originally published April 9, 2013
“You ever watch golf on television? It’s like watching flies fuck.”
Okay, so maybe George Carlin – a noted loather of the game – was exaggerating a little. I have spent enough time watching both activities to confidently assert that the two are totally unrelated. Flies can complete the act of copulation, foreplay and post-coital cigarette included, in less than nine seconds. Watching golf is much more of an endurance exercise.
Things have changed in the world of broadcast golf though. No longer must we squint at tiny ball-specks against a blue sky, then have to sit through five minutes of people walking, choosing clubs and squinting at the fairway. The networks keep cameras on every golfer now, and the cuts between the action are much swifter, much more viewer-friendly than when I was a kid.
And so the golf-lovers of the world will turn their attention to Augusta, Georgia this week, in honor of the 77th Masters Tournament.
(also the time of year when Tiger Woods annually pitches a piece of his eternal soul into the Well of Souls in a plea for public forgetfulness)
The Masters is the first of the four important golf tournaments held every year. It’s invite-only, which keeps the numbers down, so if you’re looking to tentatively poke your nose back into the world of TV golf, this will be the best weekend to get to know the competitors. Don’t be shy – watching golf may not be a thrill-a-minute as some other sports, like pro football, pro hockey, or pro blindfolded high-wire fire-jousting, but it still beats almost any reality show on any other channel.
And it’s still more exciting than curling. Seriously, fuck curling.
There are some valid reasons why, if you’re a sports fan, it might be time to give televised golf another try this week. The scenery at the Augusta National Golf Club is nothing less than stunning, which is particularly inspiring to those of us whose “spring” is nestled snugly between snow-laden quotation marks for at least another few weeks. The final round usually comes down to two or three strokes – and sometimes a playoff – so there’s plenty of “thrill of victory” vs. “agony of defeat” drama at stake. Also, after reading this article, you can bore your family right out of the room with a heap of trivia about the event.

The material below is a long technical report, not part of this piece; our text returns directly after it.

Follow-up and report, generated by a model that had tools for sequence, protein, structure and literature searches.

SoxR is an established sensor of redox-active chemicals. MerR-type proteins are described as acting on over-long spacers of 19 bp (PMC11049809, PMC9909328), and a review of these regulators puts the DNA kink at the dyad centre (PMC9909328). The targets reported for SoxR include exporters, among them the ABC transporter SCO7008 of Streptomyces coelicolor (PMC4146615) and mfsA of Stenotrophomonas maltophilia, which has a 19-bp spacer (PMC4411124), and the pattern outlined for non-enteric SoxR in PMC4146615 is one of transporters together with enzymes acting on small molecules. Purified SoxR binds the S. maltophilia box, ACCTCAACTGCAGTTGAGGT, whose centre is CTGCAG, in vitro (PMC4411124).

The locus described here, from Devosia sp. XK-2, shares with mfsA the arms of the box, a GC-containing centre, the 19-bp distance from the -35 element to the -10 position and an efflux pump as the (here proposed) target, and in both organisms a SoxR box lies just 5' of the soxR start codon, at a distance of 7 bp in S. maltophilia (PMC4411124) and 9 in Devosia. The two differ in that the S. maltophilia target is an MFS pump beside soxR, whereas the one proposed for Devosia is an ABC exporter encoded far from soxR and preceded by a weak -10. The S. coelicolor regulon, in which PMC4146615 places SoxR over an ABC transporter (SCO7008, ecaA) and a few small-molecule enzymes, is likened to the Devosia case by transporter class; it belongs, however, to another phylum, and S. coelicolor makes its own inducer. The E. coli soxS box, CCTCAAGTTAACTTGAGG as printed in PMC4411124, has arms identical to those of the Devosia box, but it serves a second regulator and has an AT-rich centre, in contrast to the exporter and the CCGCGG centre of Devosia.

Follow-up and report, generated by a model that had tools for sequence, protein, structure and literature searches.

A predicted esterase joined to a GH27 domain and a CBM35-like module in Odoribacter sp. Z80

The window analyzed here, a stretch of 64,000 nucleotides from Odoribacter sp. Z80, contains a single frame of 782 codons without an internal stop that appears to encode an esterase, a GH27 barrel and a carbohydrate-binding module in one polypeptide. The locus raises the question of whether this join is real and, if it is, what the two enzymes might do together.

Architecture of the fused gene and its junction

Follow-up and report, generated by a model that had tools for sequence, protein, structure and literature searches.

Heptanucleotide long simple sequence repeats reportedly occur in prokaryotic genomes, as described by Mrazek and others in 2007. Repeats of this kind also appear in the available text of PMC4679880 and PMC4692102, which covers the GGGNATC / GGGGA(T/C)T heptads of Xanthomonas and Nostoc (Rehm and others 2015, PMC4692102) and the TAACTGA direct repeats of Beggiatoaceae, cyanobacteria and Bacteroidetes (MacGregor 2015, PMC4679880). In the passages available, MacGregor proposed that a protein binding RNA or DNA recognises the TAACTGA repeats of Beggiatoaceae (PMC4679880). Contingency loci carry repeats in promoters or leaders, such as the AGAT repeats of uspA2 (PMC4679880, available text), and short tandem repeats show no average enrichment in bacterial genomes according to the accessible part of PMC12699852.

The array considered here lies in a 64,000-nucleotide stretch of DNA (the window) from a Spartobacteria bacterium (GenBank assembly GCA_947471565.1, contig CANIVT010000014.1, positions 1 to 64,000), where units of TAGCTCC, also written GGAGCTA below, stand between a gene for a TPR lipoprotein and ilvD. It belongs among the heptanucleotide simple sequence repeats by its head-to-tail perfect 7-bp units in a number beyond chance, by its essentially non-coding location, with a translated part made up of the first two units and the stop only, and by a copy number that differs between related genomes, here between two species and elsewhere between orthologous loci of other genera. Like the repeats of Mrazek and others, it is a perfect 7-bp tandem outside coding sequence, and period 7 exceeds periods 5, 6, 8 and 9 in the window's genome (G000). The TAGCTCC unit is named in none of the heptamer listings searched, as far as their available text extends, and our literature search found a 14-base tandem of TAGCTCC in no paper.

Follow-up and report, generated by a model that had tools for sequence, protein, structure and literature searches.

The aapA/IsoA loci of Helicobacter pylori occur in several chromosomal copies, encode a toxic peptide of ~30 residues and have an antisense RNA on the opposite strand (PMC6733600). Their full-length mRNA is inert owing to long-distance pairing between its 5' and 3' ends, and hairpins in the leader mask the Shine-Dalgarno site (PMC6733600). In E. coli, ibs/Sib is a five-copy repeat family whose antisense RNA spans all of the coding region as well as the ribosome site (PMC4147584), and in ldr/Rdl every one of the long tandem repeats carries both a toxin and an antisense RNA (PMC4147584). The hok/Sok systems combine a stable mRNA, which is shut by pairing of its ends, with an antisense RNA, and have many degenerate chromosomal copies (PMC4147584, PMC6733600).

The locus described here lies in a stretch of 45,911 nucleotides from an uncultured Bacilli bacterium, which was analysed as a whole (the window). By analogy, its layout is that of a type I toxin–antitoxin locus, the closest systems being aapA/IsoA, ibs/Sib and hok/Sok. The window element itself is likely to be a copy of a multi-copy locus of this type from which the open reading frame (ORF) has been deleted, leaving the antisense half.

(none of which will involve reference to the weird shit older golfers like to wear)
- One of the founders of the Masters Tournament, investment banker Clifford Roberts, committed suicide in 1977 by shooting himself on the banks of the par-3 course at Augusta. He was the club owner who famously stated, “As long as I’m alive, all the golfers will be white and all the caddies will be black.” I’m just saying, let’s not go crazy with the tears for this guy.
- Bobby Jones, the other founder of the event, was the most successful amateur golfer in the history of the game. It’s because of him that amateur players are still given a place every year at the Masters, with the top-ranked amateur getting the opportunity to play in the same trio as the defending Masters champion for the first two rounds.